First make some vegan parmesan.  My new favorite way of making it is using a cheese grater, another great tip from Cathy Fisher of StraightUpFood.com.  First, use the grater to grind the nuts.  Then, in the little barrel where the grated nuts are, mix in the nutritional yeast and salt.  This is one recipe where I would not leave out the salt… parmesan is a particularly salty food, so without it, I just don’t think it tastes right.

This grater is great because it has a little adjustable window. You can reduce the window to a crevice and it’s perfect for sprinkling parmesan at the table!

You can mix this up in a blender just as easily. Just make sure you get the nuts chopped up pretty fine. Blend parmesan and cannellini beans in a blender with 1/4 cup water. If the mixture is not moving, continue to add 1 Tbsp of water at a time, scraping down the sides of the blender, until you get a consistency a bit thicker than a hummus but not as thick as a paste.

Since this spread has a pretty strong flavor, I decided not to put a whole layer of it on top of the pizza sauce. I opted instead for these circles:

Cheese Sauce #2: Creamy White Sauce

This sauce is so creamy and based on my go-to mac and cheese sauce.

Chop the following veggies and steam in a steamer basket in a covered saucepan or pot (filled with about 1-2 inches of water) on med-high heat, until veggies are soft.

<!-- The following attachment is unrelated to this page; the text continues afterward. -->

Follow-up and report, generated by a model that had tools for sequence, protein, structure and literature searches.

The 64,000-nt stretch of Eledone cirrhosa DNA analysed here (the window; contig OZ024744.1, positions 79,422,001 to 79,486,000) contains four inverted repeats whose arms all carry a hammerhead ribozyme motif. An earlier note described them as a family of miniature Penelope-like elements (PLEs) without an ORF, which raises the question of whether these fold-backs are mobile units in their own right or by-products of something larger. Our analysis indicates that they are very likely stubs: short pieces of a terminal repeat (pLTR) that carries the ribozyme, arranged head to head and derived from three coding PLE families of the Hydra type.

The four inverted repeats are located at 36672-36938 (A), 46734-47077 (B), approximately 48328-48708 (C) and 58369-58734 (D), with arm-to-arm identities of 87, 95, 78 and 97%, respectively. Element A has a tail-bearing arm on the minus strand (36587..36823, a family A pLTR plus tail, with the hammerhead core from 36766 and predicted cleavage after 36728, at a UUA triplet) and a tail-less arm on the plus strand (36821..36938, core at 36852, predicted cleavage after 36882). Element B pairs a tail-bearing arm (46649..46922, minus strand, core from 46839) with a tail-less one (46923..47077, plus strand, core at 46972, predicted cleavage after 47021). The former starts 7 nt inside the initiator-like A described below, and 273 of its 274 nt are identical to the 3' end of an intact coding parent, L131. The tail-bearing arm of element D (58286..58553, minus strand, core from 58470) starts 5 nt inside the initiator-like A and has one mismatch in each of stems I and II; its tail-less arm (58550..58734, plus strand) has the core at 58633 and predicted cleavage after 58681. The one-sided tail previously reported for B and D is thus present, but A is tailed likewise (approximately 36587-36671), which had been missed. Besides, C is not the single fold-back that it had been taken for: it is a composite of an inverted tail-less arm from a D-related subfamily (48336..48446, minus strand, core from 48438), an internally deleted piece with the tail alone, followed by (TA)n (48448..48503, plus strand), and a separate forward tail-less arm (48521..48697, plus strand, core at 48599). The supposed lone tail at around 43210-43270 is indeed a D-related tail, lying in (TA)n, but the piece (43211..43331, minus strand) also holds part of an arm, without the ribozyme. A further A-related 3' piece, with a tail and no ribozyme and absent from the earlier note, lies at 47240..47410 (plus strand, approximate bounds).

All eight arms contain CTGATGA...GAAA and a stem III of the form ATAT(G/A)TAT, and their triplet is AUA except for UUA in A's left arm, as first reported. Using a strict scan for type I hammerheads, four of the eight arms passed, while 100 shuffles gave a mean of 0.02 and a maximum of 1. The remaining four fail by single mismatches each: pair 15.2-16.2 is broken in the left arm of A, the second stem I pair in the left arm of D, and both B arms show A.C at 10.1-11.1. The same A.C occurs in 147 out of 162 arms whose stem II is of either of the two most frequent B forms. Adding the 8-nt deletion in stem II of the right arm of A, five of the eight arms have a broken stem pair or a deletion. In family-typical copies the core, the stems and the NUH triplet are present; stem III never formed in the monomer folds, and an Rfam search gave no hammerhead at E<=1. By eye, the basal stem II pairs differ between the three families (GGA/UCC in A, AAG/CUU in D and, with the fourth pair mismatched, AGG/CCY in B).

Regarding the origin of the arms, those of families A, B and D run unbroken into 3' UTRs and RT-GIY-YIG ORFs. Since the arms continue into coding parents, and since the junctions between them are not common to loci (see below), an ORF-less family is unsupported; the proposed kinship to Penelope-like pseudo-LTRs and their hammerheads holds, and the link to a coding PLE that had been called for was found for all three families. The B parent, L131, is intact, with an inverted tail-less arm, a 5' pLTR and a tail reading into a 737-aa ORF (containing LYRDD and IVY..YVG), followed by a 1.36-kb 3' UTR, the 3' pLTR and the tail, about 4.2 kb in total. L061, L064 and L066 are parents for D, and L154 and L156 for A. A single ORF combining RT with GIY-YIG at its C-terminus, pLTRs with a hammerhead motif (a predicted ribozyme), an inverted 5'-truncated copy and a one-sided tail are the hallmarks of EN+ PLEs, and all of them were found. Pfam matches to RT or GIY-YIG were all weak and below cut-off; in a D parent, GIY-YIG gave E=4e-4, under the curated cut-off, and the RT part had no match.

• 1 cup yukon potatoes (if using russet, you will need to peel)
  • 1/3 cup red onion
  • 2 Tbsp shallots or more onion

While the veggies are steaming, blend in your blender:

  • – 1/4 cup raw cashews
  • – 1/2 tsp sea salt
  • – 1/2 tsp black pepper
  • – 1/8 tsp or a few drops of yellow mustard
  • – a few cloves garlic (depending on personal preference)
  • – 1 Tbsp lemon juice

When steamed veggies are soft, add to blender and process.  If mixture isn’t moving/gets stuck, then add 1 Tbsp of water at a time till mixture gets going.  The goal is to add as little water as possible so you aren’t pouring soup on your pizza!

The Veggie Toppings

Under the Creamy white Cheese:

  • broccolini / broccoli raab / baby broccoli, lightly steamed
On top:
  • Trader Joe’s roasted corn (or you can roast your own kernels on a non-stick frying pan)
  •  red onions, chopped